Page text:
Activists ask Gov. to veto concealed carry legislation

Posted at 6:23 PM, Mar 11, 2013

SALT LAKE CITY -- The Governor may use his veto powers to stop legislation that would make carrying a concealed weapon without a permit legal; a coalition of gun safety advocates delivered a letter to Governor Herbert Monday and asked him to kill the bill.

The legislation comes in the midst of a national debate over gun safety laws. A recent online article questions why lawmakers are pushing for easier access to firearms when gun suicides outpace traffic deaths in the state.

The article claims the majority of gun deaths in Utah over the past several years were a result of suicides. Is that because Utahns have easier access to guns than in other states? Senator Allen Christensen says absolutely not. Despite push back from the state's Republican governor, the Senator is making sure he has enough votes to make a veto from the governor irrelevant.

"Currently in Utah it is legal to carry an open weapon that is visible," Christensen said.

By summer, it could be legal to carry a concealed weapon without a permit.

"Same rules, but I’ll be able to cover it, same rules as our open carry now, I consider it tightening the state's gun laws," he said.

Tell that to Mother Jones, a liberal online publication which put Utah in the national spotlight with a recent article. The headline? "Trying to stop a suicide epidemic while loosening gun laws"

Senator Christensen calls the characterization unfair, "I think this bill has nothing to do with access to guns," he said.

"The mere fact that you can buy any type of firearm, semi-automatic from a gun show or from a licensed dealer, that in and of itself is frightening," said Polly Hough from Gun Sense: action for gun violence prevention.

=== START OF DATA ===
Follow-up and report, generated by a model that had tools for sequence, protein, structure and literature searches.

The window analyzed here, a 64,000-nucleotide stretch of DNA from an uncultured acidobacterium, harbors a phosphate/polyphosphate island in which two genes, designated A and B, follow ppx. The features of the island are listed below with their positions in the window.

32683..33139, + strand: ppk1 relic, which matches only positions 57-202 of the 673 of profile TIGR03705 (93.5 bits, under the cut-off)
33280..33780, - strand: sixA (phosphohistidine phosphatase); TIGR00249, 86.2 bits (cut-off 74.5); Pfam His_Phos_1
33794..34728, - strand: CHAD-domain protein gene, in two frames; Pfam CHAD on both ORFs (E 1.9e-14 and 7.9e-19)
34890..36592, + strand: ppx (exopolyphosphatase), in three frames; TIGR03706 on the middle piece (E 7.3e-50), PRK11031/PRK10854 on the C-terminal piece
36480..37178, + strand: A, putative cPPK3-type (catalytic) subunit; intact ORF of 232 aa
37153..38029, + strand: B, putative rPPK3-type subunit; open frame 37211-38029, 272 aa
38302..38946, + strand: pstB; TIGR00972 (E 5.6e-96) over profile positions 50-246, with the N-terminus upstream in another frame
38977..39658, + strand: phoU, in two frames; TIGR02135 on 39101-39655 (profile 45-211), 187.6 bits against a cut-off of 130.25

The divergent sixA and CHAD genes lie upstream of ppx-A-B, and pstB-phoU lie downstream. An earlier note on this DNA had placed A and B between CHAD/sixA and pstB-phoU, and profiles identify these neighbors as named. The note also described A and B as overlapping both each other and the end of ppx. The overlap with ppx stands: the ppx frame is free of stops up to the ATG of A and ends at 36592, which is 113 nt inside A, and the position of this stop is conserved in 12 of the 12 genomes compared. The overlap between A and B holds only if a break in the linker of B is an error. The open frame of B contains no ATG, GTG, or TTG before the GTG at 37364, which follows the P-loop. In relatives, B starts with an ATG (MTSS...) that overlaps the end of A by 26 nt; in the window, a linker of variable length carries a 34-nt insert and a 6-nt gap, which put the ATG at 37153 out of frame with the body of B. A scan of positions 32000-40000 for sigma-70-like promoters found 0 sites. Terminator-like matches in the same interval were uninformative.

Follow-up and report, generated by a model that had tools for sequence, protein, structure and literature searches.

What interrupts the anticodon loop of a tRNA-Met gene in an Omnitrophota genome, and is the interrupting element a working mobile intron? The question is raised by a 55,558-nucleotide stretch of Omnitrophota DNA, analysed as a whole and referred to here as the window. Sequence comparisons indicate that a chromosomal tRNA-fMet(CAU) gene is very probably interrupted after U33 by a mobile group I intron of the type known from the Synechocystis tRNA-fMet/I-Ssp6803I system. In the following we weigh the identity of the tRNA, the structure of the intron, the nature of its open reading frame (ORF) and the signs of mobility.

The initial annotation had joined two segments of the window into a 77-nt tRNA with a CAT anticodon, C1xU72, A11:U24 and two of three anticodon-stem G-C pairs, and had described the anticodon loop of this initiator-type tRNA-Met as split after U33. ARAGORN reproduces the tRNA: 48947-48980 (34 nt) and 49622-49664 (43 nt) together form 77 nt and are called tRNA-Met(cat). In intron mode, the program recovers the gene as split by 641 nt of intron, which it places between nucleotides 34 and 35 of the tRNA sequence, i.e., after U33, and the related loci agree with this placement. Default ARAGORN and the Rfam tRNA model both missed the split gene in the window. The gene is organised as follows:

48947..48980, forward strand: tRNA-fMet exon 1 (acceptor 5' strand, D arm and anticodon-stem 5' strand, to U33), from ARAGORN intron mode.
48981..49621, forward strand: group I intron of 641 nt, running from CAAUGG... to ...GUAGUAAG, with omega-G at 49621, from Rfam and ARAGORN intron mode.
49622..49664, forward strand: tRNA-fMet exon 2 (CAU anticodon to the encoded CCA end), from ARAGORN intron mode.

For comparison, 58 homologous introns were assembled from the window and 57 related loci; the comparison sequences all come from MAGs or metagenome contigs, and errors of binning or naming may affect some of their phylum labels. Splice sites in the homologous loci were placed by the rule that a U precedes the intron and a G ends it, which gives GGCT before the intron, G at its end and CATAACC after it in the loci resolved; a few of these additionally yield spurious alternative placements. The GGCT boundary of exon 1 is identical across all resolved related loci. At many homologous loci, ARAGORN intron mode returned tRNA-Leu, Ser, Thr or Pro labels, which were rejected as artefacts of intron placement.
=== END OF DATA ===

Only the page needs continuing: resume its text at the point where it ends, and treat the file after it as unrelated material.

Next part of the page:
Gun Safety advocate groups delivered a letter to Governor Herbert, saying in part: "This bill is an inappropriate response after the massacres of Newtown, Aurora and our own Trolley Square"

The Governor's spokesman released a statement regarding the issue, which says in part: "He prefers to see legislation that informs, rather than inflames, the discussion."

The Utah House of Representatives, however, has already made sure the bill is veto proof. Lawmakers said all they're doing is complying with their constituents’ demands.

"Really a lot of the bills you see that have to do with the Second Amendment are coming from our constituents who are worried about what Congress will do,” House Majority Whip Greg Hughes said.

Senator Christensen said he's making sure he secures enough votes before the legislation reaches the Senate floor, just in case the Governor uses his veto powers.

"I would like to get 20 votes in the Senate,” Christensen said. “That way the Governor won’t be, he said that he's not in favor of it, but does he hate it enough to veto it? I don’t know. That’s going to be the governor’s call, but if I get 20 votes, that’s a veto proof majority."

Fox 13 doesn't know the answer to that question, yet. If Senator Christensen gets his 20 votes, it won't matter as by then the bill would be veto proof. There has been no word on when the legislation will reach the Senate floor for a vote, but the Utah legislative session ends Thursday at midnight.